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A Hero No Matter the Hometown

Posted by on Dec 25th, 2014 and filed under News. You can follow any responses to this entry through the RSS 2.0. You can skip to the end and leave a response. Pinging is currently not allowed.

Photos provided by the Eatherton Family Jay Eatherton, a lifelong resident La Crescenta resident who recently moved to Alaska, shows the location where he spotted the victim who had stopped breathing.

Photos provided by the Eatherton Family
Jay Eatherton, a lifelong resident La Crescenta resident who recently moved to Alaska, shows the location where he spotted the victim who had stopped breathing.

By Isiah REYES

ormer distributor of CV Weekly newspapers Jay Eatherton moved last September from La Crescenta to Alaska to live a more relaxed and calmer life. But just two weeks ago, he found himself saving someone else’s life.

The 42-year-old was on his way home from work and decided to take a different route home. Eatherton drove down Old Seward Road in the city of Seward and that’s when he noticed a person lying in the snow on the side of the road.

“I thought that the person did not look right,” Eatherton said. “I turned around and parked. When I walked up to him, I noticed that his eyes were open [as was] his mouth.”

The man, 52-year-old Mike Dow of Anchorage, was lying in the snow and was not breathing and had no vital signs. That’s when Eatherton started to perform CPR and called 9-1-1.

“I stayed on the phone until the paramedics arrived,” Eatherton said. “I did not stop CPR until the paramedics were ready to take over.”

Eatherton, an avid fisherman, had no problem embracing the Alaska lifestyle.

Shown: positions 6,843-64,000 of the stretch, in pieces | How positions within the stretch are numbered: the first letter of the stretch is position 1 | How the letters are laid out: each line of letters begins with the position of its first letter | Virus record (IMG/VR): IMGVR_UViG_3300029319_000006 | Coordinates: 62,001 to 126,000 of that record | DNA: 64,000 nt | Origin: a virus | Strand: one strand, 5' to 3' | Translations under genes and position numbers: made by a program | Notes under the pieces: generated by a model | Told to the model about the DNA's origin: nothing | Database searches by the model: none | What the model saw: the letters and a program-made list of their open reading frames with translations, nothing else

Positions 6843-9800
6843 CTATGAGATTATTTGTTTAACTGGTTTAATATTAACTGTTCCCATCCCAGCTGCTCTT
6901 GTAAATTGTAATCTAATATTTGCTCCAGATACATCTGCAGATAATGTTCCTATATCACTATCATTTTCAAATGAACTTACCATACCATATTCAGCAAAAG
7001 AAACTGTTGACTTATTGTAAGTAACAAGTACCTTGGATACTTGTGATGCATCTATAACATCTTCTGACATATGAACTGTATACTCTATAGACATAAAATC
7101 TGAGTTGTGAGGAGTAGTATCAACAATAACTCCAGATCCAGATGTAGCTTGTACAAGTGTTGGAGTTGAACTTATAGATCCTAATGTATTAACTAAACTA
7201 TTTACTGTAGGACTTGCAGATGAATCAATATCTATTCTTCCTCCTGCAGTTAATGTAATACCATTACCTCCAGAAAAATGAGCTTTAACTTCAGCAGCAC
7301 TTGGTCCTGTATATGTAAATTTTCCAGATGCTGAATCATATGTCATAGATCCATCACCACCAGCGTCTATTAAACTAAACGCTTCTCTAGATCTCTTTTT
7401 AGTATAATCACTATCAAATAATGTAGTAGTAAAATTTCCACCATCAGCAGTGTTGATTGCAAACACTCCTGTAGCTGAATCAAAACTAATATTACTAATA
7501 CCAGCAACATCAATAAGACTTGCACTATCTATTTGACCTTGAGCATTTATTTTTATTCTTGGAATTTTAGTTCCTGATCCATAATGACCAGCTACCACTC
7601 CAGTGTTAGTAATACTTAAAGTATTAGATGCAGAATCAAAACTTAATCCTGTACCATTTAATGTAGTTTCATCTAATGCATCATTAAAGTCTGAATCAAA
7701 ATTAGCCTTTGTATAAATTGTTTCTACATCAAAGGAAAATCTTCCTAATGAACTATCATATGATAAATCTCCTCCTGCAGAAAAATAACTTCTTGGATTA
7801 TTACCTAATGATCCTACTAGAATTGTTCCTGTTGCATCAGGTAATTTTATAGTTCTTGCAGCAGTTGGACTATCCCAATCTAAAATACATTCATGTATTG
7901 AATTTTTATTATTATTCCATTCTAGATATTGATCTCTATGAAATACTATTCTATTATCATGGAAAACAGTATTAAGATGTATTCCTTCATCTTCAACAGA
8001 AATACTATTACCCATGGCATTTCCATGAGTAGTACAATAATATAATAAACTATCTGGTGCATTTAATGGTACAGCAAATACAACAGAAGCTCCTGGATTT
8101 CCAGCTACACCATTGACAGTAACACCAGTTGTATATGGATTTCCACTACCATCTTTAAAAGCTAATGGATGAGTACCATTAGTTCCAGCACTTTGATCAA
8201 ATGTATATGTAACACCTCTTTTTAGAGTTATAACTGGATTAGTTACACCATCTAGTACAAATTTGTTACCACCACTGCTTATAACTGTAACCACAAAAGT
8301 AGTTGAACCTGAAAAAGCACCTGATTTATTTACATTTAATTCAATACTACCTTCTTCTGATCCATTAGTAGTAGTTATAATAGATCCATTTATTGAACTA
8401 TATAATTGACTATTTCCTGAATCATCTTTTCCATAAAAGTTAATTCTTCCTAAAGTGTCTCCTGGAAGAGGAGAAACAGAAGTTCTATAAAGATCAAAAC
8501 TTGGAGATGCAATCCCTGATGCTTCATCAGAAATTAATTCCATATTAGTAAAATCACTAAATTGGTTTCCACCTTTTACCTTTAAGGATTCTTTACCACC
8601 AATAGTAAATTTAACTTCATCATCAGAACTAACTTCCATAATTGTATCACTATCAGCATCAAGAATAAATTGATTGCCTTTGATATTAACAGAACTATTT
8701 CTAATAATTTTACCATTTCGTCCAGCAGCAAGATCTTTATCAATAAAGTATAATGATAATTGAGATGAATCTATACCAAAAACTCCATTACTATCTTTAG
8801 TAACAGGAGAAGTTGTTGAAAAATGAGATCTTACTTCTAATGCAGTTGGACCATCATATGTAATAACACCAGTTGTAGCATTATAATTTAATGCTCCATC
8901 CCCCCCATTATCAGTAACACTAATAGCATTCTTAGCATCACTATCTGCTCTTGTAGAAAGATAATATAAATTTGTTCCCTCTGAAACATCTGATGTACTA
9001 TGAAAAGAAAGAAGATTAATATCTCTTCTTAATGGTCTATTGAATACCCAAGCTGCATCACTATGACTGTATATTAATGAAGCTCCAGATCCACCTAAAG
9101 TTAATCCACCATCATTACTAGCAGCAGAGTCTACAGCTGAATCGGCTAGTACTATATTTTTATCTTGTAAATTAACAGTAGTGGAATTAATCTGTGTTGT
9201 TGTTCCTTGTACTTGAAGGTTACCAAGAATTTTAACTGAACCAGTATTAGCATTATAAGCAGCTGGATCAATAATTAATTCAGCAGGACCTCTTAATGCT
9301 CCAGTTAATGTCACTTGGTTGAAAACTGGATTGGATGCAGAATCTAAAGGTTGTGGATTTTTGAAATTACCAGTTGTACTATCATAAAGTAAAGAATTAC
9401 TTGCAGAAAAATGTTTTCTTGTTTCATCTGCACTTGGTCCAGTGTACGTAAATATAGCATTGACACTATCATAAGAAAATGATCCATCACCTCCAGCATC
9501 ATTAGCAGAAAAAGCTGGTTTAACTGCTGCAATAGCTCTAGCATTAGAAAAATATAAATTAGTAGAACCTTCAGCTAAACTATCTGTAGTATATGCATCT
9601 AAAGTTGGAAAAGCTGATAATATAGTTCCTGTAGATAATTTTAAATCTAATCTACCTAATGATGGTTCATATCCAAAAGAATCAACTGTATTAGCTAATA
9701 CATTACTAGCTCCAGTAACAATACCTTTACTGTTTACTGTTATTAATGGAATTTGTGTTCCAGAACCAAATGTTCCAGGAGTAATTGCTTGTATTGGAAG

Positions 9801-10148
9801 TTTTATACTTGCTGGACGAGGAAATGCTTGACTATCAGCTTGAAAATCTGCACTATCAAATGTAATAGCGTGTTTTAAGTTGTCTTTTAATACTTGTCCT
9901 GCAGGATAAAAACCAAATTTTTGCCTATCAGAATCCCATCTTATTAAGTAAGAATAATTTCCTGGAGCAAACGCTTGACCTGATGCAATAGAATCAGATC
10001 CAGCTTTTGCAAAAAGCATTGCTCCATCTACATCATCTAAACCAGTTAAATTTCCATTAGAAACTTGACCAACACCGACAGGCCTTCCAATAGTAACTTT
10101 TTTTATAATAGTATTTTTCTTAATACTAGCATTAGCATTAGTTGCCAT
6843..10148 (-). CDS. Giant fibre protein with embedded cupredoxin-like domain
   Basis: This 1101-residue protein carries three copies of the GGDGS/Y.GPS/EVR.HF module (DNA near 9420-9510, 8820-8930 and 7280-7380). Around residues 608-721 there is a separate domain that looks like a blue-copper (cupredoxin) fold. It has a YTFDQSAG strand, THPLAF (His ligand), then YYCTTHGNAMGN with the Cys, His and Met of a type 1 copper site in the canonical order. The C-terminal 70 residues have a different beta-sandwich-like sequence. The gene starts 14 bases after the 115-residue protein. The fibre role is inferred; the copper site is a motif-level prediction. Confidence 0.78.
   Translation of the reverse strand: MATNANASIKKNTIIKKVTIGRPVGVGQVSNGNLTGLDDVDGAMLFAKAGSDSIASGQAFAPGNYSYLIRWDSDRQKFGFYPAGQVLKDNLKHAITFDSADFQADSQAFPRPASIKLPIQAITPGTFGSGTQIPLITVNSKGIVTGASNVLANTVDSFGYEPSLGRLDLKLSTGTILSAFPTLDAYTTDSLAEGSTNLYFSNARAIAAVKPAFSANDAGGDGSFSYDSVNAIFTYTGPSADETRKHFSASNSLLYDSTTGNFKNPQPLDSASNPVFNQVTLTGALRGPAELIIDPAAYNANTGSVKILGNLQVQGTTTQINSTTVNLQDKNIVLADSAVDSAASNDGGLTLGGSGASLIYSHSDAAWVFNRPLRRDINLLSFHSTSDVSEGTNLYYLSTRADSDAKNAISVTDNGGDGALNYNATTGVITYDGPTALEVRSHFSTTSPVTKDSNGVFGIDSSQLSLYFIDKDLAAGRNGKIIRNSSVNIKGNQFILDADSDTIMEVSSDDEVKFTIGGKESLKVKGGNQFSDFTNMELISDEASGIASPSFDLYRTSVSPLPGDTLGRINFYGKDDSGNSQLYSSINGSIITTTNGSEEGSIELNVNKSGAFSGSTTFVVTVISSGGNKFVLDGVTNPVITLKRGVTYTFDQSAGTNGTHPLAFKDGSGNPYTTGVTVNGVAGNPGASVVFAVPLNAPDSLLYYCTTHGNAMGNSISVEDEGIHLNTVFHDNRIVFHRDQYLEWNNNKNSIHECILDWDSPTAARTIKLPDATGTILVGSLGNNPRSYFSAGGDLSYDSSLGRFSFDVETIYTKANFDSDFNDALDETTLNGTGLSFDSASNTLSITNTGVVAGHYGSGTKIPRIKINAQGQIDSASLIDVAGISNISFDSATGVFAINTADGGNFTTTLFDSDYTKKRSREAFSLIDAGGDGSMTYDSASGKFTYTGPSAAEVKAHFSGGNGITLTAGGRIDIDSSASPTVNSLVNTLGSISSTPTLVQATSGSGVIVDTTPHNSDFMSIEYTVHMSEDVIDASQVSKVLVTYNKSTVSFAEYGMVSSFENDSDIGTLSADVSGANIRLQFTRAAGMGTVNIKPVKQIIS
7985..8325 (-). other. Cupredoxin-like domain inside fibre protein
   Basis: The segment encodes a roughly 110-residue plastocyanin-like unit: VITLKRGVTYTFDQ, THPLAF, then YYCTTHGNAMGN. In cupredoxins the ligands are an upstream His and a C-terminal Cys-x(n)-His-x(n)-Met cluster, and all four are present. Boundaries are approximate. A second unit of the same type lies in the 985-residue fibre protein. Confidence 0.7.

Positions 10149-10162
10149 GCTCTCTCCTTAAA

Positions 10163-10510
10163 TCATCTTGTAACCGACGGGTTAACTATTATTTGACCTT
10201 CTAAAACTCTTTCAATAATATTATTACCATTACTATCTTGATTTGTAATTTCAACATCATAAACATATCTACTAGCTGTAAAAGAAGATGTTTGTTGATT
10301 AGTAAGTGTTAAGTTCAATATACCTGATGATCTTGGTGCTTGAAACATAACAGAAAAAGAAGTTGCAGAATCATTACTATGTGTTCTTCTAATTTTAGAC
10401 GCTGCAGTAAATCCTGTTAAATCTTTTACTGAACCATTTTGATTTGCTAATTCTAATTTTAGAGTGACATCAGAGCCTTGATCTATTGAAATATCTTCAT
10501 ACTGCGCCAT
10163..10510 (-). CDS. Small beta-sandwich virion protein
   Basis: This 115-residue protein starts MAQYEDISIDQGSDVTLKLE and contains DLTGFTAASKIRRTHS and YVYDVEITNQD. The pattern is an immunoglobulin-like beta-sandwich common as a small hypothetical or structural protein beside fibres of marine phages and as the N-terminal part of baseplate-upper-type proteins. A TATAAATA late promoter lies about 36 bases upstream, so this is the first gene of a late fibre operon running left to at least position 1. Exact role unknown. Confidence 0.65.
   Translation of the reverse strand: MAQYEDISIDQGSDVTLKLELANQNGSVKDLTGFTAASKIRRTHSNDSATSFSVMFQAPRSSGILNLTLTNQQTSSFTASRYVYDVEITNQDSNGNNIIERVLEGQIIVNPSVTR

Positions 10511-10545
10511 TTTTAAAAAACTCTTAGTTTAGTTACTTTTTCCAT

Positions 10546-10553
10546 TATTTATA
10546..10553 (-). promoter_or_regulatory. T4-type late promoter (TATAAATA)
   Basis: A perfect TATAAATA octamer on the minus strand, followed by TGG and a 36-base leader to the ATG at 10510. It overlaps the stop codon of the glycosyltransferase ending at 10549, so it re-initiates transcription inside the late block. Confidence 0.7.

Eatherton, an avid fisherman, had no problem embracing the Alaska lifestyle.

It took paramedics about 15 minutes to get to Eatherton and Dow. The whole time Eatherton did not stop compressions. After arriving, the paramedics took Dow to Providence Hospital. On the way there, they kept working on him to help him stay alive. The doctor later told Eatherton that had he did not stopped to help him and call 9-1-1, the man would not have lived.

“It was snowing at the time and dark out since the sun sets at 4 p.m.,” Eatherton said. “I am happy to report that the man is going to be okay.”

The man may have suffered some damage due to the lack of oxygen, but is expected to make a full recovery. Eatherton said he learned how to perform CPR about four years ago when his daughter was born and this was the first time he had to use it.

“The sad thing is that there was a woman not 20 feet from the man waiting for the bus,” Eatherton said. “She did nothing to help him.”

So, because of that, Eatherton wants people to be aware of how to perform CPR and save lives. Now that Eatherton is being recognized as a “new hometown” hero, the local fire department has asked him to go to places to give lectures on what it is like to do CPR and save someone’s life. Eatherton said he is willing to do anything that will allow even more people to save lives.

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